where we used that E0[Xk]=0, for all k, see (4). Taking the limit as t+, we obtain
2σ2+η, (42)
where ηis given by the following limit
η= lim
tE0"log X
the existence of which is guaranteed by (39), in Lemma 7. From now on, we focus on computing η.
Before we proceed, we make a simplification in the expression for ηby replacing the term P(st)with
its analytically more appealing proxy P0(st), see (15). Applying inequality (15) in (43) and using the
fact that 1
tlog pmin 0, as t+, we obtain that the limit in (43) does not change when we replace
P(st)with P0(st), i.e.,
η= lim
tE0"log X
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For λR, and pS1, introduce the relative entropy function D(λ||p) := P
d=1 λd
1>λlog λd
Theorem 8. There holds η+µ2
2σ2ζ, where ηis the optimal value of the following optimization problem
minimize G(ν)
subject to H(ν1) + H(ν2)ξ2
ν∈ V
where G(ν) = D(ν1||p1) + D(ν2||p2) + θ2
σ2, for νR2∆
Guaranteed error exponent. Since each of the terms in the objective function of (45) is non-negative, its
optimal value is lower bounded by 0. Using relation (42), we obtain that the value of the error exponent
is lower bounded by the value of SNR in state-1,µ2
2σ2, i.e.,
The preceding bound holds for any choice of parameters , p1, p2, µ1and µ2. This result is very intuitive,
as it mathematically formalizes the reasoning that, no matter which configuration of states occurs, signal
level µ1is always guaranteed, and hence the corresponding value of error exponent µ2
2σ2is ensured. In
that sense, any appearance of state 2(i.e., signal level µ2> µ1) can only increase the error exponent.
Special case µ1= 0 and detectability condition. When the signal level in state 1equals zero, then,
since the statistics of Xkfor Sk= 1 is the same as its statistics under H0, effectively we can have
information on the state of nature H1only when state Sk= 2 occurs. Denoting µ=µ2, optimization
problem (45) then simplifies to:
minimize D(ν1||p1) + D(ν2||p2) + θ2
subject to H(ν1) + H(ν2)ξ2
ν∈ V
From (47) we obtain the following condition for detectability of process Sk:
H(p1) + H(p2)q>p2
i.e., if the inequality above holds, then the optimal value of optimization problem (47) is zero. To see
why this holds, note that the point (ν1, ν2, ξ)R2∆+1, where νm=pm/(q>p1+q>p2),m= 1,2,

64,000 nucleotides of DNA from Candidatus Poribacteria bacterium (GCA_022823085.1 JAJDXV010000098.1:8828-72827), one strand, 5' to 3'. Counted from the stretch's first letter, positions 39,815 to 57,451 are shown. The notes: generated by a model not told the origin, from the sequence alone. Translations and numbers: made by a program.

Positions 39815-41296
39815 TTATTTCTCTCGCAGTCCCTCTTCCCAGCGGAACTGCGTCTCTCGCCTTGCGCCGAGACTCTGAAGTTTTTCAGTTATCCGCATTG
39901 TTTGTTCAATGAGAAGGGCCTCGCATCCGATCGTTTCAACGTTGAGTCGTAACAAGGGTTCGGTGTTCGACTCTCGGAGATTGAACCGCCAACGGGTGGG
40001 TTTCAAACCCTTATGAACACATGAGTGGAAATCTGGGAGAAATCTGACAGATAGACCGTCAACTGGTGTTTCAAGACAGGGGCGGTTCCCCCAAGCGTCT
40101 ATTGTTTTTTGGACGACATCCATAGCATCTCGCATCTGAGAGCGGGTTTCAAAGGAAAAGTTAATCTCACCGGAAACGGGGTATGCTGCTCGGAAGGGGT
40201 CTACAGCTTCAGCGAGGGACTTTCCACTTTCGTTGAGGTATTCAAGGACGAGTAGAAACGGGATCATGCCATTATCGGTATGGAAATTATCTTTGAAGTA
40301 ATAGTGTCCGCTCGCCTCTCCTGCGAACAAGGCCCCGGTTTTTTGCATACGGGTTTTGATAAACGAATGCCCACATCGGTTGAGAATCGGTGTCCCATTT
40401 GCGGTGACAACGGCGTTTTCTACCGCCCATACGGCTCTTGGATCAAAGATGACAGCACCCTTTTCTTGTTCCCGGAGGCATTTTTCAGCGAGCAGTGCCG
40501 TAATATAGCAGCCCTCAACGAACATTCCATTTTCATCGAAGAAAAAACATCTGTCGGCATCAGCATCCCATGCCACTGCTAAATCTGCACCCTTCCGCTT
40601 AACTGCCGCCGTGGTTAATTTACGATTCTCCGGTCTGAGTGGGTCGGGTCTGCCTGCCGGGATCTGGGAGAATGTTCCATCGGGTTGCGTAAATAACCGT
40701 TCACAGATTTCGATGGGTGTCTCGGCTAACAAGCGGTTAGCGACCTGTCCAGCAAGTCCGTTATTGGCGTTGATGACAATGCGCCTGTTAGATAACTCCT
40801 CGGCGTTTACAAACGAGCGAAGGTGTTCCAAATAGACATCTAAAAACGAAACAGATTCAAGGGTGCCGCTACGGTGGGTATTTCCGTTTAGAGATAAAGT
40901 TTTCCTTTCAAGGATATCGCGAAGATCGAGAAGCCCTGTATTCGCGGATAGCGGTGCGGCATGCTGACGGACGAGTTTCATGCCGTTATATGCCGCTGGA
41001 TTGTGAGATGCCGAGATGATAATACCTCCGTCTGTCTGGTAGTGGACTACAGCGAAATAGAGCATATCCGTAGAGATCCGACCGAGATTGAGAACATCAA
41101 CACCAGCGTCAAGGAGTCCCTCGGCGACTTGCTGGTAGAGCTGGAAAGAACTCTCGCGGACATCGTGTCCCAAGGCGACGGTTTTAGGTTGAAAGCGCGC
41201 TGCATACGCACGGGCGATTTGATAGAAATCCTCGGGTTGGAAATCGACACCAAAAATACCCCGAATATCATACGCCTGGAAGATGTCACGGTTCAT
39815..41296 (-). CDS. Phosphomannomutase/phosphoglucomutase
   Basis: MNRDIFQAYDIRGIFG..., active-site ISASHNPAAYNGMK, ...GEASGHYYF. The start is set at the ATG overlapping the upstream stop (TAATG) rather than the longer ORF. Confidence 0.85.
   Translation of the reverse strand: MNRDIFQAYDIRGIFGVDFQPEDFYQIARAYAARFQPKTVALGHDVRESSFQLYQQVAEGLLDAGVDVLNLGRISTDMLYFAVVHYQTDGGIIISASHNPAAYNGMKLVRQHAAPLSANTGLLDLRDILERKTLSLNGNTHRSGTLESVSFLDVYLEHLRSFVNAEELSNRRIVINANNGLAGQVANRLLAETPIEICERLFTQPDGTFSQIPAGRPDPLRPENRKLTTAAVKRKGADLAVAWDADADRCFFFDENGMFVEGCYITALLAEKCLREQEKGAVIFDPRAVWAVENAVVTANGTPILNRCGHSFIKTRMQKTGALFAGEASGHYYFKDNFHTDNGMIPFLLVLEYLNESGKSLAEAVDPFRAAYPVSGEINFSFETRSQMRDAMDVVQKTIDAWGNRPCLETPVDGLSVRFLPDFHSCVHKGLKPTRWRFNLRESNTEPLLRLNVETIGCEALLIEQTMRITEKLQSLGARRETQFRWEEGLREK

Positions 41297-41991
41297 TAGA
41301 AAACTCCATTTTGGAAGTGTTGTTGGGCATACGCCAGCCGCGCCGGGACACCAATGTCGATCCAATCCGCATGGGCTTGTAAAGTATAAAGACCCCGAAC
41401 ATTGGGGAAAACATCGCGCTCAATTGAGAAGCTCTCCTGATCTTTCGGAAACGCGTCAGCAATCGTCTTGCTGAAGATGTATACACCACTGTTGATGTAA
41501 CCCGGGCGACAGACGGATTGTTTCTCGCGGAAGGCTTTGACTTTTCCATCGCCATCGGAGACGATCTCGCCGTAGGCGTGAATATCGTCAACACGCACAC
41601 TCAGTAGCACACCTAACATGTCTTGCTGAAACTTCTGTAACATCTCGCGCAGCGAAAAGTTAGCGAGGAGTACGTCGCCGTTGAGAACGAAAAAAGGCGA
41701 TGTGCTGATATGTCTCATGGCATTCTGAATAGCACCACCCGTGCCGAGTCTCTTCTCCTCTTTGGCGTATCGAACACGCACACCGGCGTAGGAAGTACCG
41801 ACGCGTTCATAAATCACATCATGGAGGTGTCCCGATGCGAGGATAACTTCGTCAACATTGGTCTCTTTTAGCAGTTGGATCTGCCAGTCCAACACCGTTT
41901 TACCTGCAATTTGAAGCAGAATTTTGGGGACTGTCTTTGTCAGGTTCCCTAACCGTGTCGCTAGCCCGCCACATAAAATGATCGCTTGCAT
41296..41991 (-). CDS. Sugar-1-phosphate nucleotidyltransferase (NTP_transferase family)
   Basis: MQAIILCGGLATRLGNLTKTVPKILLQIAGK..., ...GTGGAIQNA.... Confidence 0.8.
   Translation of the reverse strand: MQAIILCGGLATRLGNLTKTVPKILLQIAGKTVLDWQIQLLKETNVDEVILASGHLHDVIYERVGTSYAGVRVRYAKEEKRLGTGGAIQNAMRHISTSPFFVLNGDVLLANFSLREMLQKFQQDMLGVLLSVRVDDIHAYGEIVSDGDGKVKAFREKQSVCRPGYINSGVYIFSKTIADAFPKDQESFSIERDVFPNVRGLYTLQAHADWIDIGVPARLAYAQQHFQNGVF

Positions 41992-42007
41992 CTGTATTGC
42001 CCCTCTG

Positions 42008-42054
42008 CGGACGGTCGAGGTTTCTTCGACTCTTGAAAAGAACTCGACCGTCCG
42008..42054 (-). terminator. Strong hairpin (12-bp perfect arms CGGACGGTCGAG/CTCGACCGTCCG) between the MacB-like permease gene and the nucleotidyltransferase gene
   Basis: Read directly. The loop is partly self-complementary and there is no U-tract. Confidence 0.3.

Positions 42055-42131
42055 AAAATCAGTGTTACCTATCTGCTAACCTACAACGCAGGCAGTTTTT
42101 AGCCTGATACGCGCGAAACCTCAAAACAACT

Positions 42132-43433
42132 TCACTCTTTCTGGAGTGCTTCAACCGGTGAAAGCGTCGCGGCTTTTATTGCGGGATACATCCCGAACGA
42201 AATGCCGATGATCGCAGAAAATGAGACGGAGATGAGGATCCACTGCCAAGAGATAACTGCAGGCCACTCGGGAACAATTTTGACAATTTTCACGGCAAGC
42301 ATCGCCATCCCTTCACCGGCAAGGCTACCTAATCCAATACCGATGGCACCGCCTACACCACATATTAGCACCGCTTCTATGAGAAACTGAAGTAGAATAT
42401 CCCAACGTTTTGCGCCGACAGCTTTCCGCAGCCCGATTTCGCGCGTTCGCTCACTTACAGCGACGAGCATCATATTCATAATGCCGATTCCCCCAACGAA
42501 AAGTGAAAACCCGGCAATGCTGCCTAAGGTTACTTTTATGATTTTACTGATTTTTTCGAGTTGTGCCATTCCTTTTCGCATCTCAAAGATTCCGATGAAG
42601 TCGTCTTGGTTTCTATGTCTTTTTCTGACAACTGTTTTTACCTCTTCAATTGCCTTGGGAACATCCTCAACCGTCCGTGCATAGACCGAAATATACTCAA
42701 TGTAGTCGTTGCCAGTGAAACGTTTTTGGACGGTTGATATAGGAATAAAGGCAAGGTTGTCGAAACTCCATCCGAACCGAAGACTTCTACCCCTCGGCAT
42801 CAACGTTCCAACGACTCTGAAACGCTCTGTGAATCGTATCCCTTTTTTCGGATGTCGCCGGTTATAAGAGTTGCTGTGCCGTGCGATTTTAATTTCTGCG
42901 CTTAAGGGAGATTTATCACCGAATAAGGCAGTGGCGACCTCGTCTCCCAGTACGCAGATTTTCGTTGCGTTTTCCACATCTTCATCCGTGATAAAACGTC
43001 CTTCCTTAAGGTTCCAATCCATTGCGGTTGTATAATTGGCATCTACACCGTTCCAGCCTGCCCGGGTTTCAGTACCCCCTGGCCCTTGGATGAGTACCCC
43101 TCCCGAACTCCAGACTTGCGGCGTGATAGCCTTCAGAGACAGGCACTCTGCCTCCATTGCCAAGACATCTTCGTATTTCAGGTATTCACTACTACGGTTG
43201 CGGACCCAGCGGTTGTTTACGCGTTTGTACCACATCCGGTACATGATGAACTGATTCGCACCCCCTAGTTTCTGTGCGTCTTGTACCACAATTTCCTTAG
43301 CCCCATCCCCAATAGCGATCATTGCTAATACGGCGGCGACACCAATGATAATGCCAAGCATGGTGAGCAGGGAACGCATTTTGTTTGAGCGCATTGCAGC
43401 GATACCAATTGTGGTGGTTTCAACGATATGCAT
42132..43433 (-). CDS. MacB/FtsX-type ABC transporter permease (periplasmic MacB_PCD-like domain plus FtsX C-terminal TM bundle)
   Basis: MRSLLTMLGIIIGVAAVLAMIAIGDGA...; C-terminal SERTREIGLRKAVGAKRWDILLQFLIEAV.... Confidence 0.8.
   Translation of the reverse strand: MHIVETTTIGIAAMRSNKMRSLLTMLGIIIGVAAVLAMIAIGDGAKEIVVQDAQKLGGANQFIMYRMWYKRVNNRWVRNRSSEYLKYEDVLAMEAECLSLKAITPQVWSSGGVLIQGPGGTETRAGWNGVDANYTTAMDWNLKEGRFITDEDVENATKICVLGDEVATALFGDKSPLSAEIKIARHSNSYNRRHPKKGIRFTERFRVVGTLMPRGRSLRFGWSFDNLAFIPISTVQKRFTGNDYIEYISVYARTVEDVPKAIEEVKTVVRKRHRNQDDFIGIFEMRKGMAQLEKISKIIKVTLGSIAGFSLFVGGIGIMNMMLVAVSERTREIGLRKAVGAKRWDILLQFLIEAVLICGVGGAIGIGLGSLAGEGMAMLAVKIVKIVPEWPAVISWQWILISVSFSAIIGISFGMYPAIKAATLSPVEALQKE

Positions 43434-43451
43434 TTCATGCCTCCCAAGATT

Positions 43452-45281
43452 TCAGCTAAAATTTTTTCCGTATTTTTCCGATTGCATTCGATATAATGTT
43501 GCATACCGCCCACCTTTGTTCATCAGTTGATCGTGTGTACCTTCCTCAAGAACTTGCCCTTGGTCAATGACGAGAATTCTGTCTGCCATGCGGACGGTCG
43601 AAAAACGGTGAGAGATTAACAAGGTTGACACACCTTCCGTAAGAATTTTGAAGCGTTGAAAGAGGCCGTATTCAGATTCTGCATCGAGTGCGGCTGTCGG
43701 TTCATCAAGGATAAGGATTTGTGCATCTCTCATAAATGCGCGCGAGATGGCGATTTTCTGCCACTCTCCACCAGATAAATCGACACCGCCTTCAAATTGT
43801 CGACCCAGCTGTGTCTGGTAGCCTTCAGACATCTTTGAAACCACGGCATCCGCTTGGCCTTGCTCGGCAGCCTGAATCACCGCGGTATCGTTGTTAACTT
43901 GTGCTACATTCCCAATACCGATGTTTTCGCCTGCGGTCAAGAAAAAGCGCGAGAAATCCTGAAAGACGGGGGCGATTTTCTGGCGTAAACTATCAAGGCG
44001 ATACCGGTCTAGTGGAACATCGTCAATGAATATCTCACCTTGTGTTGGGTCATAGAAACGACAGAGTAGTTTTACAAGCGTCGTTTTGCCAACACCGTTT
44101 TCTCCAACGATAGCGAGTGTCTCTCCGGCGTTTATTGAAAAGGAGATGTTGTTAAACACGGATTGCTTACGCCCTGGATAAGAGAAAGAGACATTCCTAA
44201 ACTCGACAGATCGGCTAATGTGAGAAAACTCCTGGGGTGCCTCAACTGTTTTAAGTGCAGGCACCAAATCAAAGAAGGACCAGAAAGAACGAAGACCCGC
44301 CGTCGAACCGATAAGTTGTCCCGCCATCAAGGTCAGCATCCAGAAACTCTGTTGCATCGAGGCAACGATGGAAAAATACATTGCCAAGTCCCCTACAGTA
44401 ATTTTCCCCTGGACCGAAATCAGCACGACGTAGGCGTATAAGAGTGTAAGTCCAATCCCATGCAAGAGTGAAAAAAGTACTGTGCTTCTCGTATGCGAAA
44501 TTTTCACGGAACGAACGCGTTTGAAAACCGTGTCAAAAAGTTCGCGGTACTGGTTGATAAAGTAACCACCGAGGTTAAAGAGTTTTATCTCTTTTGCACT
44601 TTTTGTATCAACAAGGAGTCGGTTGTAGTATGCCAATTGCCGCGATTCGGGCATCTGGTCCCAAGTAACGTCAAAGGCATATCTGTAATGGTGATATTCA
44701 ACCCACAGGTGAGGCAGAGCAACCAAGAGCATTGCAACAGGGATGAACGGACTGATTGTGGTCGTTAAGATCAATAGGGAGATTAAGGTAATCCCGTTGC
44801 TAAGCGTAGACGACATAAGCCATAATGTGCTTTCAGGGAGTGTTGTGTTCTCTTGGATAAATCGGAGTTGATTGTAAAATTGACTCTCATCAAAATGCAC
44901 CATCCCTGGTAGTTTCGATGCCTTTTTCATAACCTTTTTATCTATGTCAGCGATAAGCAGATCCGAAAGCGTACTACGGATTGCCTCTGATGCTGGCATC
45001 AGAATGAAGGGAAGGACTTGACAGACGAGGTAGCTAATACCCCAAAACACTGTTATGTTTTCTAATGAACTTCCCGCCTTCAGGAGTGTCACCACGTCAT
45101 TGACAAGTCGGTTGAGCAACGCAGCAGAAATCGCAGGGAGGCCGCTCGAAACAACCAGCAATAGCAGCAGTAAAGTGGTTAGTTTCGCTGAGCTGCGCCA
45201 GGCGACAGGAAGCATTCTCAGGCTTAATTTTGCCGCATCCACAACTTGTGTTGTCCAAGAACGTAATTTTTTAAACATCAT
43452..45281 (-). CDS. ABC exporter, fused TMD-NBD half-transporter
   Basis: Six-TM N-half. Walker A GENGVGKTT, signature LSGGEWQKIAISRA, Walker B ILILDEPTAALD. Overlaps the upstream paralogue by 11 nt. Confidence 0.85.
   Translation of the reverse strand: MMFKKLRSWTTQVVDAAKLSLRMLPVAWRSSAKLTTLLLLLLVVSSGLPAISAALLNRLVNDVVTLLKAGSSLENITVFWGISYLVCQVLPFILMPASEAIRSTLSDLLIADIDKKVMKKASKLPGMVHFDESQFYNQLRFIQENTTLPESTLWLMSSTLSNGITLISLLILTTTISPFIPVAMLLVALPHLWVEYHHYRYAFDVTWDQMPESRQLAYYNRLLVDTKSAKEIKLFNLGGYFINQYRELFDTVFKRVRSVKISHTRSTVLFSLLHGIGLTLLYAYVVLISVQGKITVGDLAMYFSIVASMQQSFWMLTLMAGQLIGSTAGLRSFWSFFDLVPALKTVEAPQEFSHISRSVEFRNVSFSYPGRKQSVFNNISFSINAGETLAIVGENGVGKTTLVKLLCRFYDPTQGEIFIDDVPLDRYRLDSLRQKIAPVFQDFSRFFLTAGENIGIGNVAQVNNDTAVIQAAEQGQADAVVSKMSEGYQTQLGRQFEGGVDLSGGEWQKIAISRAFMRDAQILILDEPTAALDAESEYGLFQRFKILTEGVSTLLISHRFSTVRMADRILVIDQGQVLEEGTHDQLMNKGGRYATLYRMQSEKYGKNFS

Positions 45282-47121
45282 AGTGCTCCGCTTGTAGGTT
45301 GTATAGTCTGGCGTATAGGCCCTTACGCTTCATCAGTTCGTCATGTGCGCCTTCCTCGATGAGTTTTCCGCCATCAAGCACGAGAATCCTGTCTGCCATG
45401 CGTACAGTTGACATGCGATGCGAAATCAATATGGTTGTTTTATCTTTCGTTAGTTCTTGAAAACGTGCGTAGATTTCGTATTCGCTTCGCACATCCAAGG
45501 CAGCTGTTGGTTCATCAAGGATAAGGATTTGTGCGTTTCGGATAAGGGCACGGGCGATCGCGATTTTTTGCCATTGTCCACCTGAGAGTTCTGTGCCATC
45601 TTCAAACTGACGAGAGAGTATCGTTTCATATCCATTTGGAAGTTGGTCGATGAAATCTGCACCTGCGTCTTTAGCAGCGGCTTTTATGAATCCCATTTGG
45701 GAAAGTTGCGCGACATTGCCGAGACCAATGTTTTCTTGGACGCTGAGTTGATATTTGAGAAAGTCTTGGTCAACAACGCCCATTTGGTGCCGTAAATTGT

December 27, 2017 DRAFT
and ξ=q>p2/((q>p1+q>p2))µunder which the cost function of (47) vanishes, under condition (48)
belongs to the constraint set of (47). Thus, under condition (48), the lower bound on the error exponent
ηis zero, indicating that the process Skis not detectable. To further illustrate this condition, note that the
left hand-side corresponds to the entropy of the process Sk, and the right hand-side corresponds to the
expected, i.e. – long-run SNR of the measured signal (q>p2/q>p1+q>p2is the expected fraction of
times that the process was in state 2, and µ2
2σ2is the SNR for this state). Condition (48) therefore asserts
that, if the entropy of the process Skis too high compared to the expected, or long-run, SNR, then it is
not possible to detect its presence. Intuitively, if the dynamics of the phase durations is too stochastic,
then it is not possible to estimate the locations of state 2occurrences, in order to perform the likelihood
ratio test. However, on the other hand, if the SNR is very high (e.g., the level µis high compared to the
process noise σ2) then, whenever state 2occurs, the signal will make a sharp increase and can therefore
be easily detected. The condition in this sense quantitatively characterizes the threshold between the two
physical quantities which makes detection possible.
A. Reformulation of (47)
In this subsection we show that optimization problem (47) admits a simplified form, obtained by
suppressing the dependence on ξthrough inner minimization over this variable. To simplify the notation,
introduce H(ν) = H(ν1) + H(ν2)and R(ν) = q>ν2µ2
2σ2; note that the function Rhas the physical